Fresh country air and room to breathe – it sounds perfect for retirement. Leaving the busy city behind for a care-free country life seems wonderful, but is it? City dwellers often find out the hard way that country living is often missing a few things they have taken for granted all their lives. Access to medical treatment, shops, entertainment and public transport can prove difficult as one couple found in this story. And the culture in regional and country towns is a little different to the big city too. Fitting in with country ways can take some adjusting. The story is nicely written and gives food for thought. However, this is not necessarily the experience of all retirees.
Editor’s note. I worked on the mid-north coast in community services for a few years and saw first hand how the romance of country living soon lost it shine. The article explains what I saw many times.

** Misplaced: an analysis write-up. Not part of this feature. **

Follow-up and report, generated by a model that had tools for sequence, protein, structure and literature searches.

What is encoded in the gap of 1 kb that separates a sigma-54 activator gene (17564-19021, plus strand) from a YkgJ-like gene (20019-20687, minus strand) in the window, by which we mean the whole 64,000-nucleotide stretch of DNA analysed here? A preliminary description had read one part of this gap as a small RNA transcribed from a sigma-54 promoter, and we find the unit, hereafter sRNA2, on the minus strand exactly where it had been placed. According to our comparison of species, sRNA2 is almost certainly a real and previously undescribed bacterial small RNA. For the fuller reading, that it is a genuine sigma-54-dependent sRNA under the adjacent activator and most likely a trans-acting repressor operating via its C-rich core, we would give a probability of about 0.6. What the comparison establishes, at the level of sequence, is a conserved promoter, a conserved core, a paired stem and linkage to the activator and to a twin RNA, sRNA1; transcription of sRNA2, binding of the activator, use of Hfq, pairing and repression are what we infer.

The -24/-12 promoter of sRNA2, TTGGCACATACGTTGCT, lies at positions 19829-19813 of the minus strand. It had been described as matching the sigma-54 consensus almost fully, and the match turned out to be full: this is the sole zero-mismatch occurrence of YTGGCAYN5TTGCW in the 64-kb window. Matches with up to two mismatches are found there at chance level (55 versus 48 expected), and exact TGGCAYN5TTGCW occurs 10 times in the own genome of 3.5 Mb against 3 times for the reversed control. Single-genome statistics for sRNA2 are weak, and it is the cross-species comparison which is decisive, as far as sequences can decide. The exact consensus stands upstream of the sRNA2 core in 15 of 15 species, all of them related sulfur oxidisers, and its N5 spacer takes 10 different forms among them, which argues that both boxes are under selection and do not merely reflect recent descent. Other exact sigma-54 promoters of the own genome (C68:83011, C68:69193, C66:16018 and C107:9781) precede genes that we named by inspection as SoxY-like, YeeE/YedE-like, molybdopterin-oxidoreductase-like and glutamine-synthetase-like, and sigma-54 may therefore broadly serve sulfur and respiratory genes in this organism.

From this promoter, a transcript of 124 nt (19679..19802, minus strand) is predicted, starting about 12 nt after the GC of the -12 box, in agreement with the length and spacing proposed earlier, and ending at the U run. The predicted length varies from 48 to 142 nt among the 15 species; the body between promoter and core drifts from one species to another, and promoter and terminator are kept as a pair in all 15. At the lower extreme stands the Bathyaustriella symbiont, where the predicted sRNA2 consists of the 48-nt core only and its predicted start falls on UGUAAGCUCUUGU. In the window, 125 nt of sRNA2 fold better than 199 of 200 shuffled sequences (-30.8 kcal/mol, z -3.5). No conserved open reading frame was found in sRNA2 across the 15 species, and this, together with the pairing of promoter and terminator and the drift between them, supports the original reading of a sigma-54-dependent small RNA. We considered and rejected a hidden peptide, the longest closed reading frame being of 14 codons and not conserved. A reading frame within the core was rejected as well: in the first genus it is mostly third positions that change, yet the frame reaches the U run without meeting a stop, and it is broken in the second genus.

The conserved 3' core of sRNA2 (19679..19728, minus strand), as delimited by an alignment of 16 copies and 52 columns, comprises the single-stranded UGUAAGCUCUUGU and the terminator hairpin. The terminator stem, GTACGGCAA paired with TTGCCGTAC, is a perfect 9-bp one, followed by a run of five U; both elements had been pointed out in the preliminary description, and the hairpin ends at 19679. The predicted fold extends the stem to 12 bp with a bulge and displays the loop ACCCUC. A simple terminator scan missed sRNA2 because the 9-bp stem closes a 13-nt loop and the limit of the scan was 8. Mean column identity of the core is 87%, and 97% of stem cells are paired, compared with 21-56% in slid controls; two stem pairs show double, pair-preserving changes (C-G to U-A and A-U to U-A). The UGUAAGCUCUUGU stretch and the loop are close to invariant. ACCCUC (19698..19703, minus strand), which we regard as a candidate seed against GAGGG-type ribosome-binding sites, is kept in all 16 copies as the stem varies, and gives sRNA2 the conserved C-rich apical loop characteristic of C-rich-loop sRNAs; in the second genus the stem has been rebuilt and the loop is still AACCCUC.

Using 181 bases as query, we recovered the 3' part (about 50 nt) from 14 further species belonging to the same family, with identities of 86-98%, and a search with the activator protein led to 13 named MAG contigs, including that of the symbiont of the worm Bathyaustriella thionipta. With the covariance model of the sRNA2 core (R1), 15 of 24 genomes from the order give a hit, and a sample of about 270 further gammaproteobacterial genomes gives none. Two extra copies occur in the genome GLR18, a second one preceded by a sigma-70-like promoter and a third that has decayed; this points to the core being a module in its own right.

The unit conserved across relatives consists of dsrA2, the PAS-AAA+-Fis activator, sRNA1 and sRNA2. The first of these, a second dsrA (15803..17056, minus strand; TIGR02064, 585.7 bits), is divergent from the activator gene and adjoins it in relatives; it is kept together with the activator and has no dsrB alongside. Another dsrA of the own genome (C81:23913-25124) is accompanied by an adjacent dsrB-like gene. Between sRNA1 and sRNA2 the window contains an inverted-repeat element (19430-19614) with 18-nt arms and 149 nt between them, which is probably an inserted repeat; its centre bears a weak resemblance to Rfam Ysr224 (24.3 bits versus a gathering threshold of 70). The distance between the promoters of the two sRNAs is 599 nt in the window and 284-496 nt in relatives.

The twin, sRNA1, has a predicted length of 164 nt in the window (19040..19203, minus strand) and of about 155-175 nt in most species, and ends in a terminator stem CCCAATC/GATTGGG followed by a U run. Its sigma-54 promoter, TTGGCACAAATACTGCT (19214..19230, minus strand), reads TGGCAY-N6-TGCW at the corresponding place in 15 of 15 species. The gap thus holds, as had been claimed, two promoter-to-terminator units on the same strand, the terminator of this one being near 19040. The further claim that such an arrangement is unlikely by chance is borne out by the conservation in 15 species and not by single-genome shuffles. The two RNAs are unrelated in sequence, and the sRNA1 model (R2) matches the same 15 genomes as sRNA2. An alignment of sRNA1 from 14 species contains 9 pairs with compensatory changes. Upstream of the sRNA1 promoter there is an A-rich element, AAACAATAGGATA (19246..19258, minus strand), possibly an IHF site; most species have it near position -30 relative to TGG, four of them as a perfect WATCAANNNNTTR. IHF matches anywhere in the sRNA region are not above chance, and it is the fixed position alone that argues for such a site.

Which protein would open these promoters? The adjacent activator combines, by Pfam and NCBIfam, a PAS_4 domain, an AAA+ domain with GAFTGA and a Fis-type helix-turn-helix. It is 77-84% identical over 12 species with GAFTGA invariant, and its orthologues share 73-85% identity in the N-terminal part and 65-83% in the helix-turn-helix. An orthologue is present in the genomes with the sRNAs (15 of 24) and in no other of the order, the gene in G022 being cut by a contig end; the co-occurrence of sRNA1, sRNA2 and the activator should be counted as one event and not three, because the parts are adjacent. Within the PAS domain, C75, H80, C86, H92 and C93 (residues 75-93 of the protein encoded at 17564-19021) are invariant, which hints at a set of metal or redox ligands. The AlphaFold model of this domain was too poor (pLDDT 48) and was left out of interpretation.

Ever wondered what the long term effects of a home modification are? A longitudinal study from the UK shows that household improvements in social housing can reduce risk of hospital stays, particularly in older people. While the study picks up major improvements in chest and heart health, it also found that falls and burns were reduced too. Over the ten years of the study, they found that homes that were modified and upgraded correlated with reduced hospital events. That means savings in the health budget or beds freed up for other patients. Obviously it is better for occupants too. It is not clear how poor the condition of the housing was prior to the upgrade or modification relative to Australian housing. This is an academic paper outlining the methods and comparing to other studies, but the discussion and conclusions give you the take-home message – health and the quality and design of housing quality are related and should be integrated in policy-making and planning.
One key finding was: “Using up to a decade of household improvements linked to individual level data, we found that social housing quality improvements were associated with substantial reductions in emergency hospital admissions for cardiovascular conditions, respiratory conditions, and fall and burn injuries.”
The title of the study is, “Emergency hospital admissions associated with a non-randomised housing intervention meeting national housing quality standards: a longitudinal data linkage study”. Sarah Rodgers et al. Journal of Epidemiology and Community Health.